We all feel our energy levels ebb and flow from hour to hour, and it’s perfectly normal. Many factors can affect this rise and fall of energy, including the amount of sleep you’ve had, your stress levels and the food you eat.
We often stop to eat a snack in order to refuel and boost our energy, but there are some foods you may be eating that are actually draining your energy instead.
1. Fried and Fast Foods
If your lunch consists of fried or takeaway food, then you may well experience an energy slump in the afternoon. They are the type of foods that are high in fat and low in fibre, which can slow your digestion right down. Slower digestion can reduce the speed at which any energy-boosting nutrients enter the body.
2. Low Calorie Foods
At the other end of the scale, low-cal foods can also rob you of energy. If you aren’t taking in enough calories for your needs, you will feel drained.
Not eating enough calories can create hormonal imbalances in your body and slow down metabolism. You may also find that the lack of calories will increase food cravings and cause you to over eat at the next meal to compensate.
3. Energy Drinks
Energy drinks can give you an energy boost – in the short term.
The ingredients often contain sugar and caffeine, and some energy drinks can have as many as 10 teaspoons of sugar per can. Some studies have shown that the sugar and caffeine in energy drinks can have a bad effect on sleep, which may make your energy levels crash.
4. Refined Carbohydrates
Processed grains such as white bread, flour, pasta and rice can have an energy killing effect after eating them. They generally create a quick rise in blood sugar and insulin, followed by a sharp drop in energy.
Try swapping to whole-grain alternatives, such as brown rice and pasta, and wholegrain bread. The outer layer of the grain is kept, which means the body digests it slower than processed grains. This helps avoid the quick blood sugar spike and drop.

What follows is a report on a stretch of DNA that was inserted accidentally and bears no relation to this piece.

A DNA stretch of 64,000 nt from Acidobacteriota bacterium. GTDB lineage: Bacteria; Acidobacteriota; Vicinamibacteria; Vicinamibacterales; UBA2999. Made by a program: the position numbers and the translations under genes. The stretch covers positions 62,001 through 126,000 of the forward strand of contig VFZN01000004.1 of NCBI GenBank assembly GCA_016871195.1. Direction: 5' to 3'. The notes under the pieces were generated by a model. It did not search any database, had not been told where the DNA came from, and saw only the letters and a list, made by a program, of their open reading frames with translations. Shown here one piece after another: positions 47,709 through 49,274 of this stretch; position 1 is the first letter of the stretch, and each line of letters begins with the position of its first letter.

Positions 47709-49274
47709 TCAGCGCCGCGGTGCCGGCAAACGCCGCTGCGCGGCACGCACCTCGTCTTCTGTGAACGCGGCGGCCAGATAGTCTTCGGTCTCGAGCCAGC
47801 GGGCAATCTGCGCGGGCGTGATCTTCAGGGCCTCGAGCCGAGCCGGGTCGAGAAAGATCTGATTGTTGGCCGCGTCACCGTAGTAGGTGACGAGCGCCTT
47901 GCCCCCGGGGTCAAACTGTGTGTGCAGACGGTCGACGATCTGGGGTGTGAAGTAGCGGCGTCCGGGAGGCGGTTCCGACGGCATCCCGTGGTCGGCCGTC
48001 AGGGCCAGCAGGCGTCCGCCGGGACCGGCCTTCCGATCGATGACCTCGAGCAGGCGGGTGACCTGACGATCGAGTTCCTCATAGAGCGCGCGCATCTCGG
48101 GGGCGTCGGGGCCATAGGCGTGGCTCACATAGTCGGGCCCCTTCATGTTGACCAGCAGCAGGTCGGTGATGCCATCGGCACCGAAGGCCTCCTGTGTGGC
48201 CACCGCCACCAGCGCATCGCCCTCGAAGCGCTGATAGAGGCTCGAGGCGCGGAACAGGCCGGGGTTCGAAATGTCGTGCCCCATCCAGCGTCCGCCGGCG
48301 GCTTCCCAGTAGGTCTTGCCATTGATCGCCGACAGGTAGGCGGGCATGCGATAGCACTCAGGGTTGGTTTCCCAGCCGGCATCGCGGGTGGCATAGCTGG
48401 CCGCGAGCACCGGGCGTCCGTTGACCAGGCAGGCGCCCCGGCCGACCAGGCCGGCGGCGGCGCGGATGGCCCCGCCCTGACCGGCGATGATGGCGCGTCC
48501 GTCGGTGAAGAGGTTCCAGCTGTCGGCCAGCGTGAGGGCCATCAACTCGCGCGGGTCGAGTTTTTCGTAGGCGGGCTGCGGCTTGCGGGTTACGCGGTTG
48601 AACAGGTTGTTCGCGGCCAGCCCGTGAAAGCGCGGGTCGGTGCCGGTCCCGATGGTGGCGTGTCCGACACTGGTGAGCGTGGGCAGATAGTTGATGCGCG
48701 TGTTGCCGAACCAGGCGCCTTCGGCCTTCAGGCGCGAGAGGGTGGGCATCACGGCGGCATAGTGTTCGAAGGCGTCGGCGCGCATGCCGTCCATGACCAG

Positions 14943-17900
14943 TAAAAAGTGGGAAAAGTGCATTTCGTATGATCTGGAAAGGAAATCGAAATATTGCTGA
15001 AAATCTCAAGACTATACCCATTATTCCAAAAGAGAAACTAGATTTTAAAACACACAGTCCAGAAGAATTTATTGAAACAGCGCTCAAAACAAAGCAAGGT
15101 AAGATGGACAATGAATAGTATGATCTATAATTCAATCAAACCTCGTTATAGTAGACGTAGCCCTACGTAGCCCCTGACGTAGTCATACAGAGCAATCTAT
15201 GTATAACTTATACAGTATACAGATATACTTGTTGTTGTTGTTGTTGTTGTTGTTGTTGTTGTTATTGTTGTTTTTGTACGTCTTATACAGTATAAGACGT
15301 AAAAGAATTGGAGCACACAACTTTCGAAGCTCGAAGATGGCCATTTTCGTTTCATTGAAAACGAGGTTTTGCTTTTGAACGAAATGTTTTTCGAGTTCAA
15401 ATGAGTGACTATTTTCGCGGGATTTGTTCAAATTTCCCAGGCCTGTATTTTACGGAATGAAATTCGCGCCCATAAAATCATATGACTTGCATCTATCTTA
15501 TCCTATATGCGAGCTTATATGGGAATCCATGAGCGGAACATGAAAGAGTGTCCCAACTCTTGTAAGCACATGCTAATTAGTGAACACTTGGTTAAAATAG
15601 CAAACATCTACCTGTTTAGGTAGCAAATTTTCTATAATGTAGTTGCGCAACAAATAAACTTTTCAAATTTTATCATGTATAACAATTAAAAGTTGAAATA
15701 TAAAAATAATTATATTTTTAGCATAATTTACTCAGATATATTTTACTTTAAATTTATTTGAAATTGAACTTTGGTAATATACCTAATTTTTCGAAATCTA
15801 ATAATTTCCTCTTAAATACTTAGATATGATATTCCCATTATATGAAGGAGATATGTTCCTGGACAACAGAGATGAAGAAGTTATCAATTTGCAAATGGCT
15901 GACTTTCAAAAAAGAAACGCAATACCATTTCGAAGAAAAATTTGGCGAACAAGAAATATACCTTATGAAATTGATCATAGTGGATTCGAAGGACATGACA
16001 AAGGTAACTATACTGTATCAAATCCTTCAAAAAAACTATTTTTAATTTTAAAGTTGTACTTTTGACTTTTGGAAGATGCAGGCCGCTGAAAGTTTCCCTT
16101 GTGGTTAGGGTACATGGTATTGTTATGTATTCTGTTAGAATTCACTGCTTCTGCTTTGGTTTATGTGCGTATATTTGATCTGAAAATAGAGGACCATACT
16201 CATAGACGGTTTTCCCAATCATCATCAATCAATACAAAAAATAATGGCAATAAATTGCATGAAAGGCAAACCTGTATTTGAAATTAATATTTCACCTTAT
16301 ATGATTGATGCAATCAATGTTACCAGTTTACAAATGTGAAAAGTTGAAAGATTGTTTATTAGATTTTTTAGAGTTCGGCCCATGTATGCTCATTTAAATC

5. Foods With Added Sugars
Food that has added sugars can really bust your energy levels when consumed frequently. Breakfast cereals are often full of added sugars, so what you think is a healthy start to the day might just be contributing to your lack of energy later.
The combination of low fibre and high sugar in some cereals can create a blood sugar and insulin spike. This will give you a rise in energy, then a sudden crash.
Other foods high in added sugars include flavoured yoghurts, muffins, granola bars, juice, and even some kinds of bread.
You may be surprised to see a well-known energy stimulator on this list, but caffeine can dull your energy in the long term.
When drunk in moderation, coffee can have positive mental and physical effects, such as helping reduce the risk of Alzheimer’s and Parkinson’s disease.
However, your body builds up a tolerance to caffeine, which reduces its effects. Too much caffeine can badly affect the quality of your sleep, which reduces your energy levels over time. Try relying less on coffee to wake you up, and concentrate instead on proper nutrition and getting enough quality sleep.